Physics

Large-area picosecond photodetectors push timing envelope

The Large Area Picosecond Photodetector (LAPPD) collaboration has developed big detectors that push the timing envelope, measuring the speed of particles with a precision down to trillionths of a second.

New diamond and gold-based techniques let scientists measure and control the temperature inside living cells

How do you take the temperature of a cell? The familiar thermometer from a doctor's office is slightly too big considering the average human skin cell is only 30 millionths of a meter wide. But the capability is significant; developing the right technology to gauge and control the internal temperatures of cells and other nanospaces might open the door to a number of defense and medical applications: better thermal management of electronics, monitoring the structural integrity of high-performance materials, cell-specific treatment of disease and new tools for medical research.

Media Invited to NASA Google+ Hangout on Wildfire and Climate Change

NASA will host a Google+ Hangout at 1 p.m. EDT Friday, Aug. 9, about wildfire research and what a changing climate could mean for future fire activity in the United States.

Physicists freeze motion of light for a minute

Physicists in Darmstadt have been able to stop something that has the greatest possible speed and that never really stops. We're talking about light. Already a decade ago, physicists stopped it very for a short moment. In previous years, this extended towards stop times of a few seconds for simple light pulses in extremely cold gases and special crystals. But now the researchers at Darmstadt extended the possible duration and applications for freezing the motion of light considerably.

New technique allows closer study of how radiation damages materials

Scientists have developed a technique that provides real-time images of how magnesium changes at the atomic scale when exposed to radiation. The technique may give researchers new insights into how radiation weakens the integrity of radiation-tolerant materials, such as those used in space exploration and in nuclear energy technologies.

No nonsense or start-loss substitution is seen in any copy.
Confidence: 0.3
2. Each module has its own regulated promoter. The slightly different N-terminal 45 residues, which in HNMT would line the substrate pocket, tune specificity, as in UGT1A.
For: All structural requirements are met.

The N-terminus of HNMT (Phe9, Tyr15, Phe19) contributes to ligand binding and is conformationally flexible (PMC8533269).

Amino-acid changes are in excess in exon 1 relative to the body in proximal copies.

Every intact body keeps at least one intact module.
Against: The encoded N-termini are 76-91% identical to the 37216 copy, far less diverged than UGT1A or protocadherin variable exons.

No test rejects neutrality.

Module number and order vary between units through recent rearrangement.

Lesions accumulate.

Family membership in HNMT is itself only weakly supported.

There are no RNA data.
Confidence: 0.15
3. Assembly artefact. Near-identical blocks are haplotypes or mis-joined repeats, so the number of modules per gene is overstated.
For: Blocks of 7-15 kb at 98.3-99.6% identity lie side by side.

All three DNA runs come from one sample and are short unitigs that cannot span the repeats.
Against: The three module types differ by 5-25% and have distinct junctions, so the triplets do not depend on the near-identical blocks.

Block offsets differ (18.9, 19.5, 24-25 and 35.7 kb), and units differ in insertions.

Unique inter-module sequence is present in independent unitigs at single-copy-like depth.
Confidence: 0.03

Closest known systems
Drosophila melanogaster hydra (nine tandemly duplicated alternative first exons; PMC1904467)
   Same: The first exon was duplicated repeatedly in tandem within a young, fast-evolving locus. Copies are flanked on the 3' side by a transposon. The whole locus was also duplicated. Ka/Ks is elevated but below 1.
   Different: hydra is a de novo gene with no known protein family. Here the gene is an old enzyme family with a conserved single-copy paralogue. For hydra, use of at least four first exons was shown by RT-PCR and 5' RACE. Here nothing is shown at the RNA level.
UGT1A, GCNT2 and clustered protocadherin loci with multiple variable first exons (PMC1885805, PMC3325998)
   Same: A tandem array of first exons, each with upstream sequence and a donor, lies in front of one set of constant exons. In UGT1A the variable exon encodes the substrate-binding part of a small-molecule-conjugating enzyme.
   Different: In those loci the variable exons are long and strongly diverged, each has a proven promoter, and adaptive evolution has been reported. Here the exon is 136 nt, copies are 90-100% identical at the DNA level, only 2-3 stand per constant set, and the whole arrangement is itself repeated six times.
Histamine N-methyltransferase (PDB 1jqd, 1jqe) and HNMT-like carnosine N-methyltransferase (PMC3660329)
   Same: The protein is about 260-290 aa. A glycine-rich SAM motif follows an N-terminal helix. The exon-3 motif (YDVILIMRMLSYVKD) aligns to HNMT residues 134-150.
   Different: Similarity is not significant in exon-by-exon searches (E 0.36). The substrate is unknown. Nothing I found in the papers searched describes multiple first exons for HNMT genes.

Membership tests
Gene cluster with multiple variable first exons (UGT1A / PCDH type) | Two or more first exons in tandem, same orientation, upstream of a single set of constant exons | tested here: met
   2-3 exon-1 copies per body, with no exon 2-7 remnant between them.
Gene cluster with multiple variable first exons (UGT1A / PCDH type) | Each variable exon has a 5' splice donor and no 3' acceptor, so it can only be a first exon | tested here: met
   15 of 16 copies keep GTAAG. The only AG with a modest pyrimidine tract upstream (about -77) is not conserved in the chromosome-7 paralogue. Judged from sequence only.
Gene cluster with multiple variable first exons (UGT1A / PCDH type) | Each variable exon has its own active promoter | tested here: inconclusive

Quantum communication controlled by resonance in 'artificial atoms'

Researchers have developed a method to control a quantum bit for electronic quantum communication in a series of quantum dots, which behave like artificial atoms in the solid state.

Unruly plasmas

Physicists performed a series of exact computer simulations of a liquid layer of charged particles (Plasma) and cooled it rapidly. According to the text book theorem the fluid would crystallize instantaneously when it is cooled, no matter whether a magnetic field is present or not. "We cooled the liquid very quickly, and in the presence of a strong magnetic field we observed a result that we first could not believe: the system remained fluid for a very long time," one of the researchers said.

The molecule 'scanner': The world's smallest terahertz detector

Molecules could soon be "scanned" in a fashion similar to imaging screenings at airports, thanks to a detector developed by University of Pittsburgh physicists.

The molecule 'scanner': World's smallest terahertz detector invented

Molecules could soon be "scanned" in a fashion similar to imaging screenings at airports, thanks to a new detector.

NASA Television Updates Broadcast Time for Aug. 22 Russian Spacewalk

NASA Television will provide live coverage as two Russian cosmonauts venture outside the International Space Station on spacewalks Friday, Aug. 16, and Thursday, Aug. 22.

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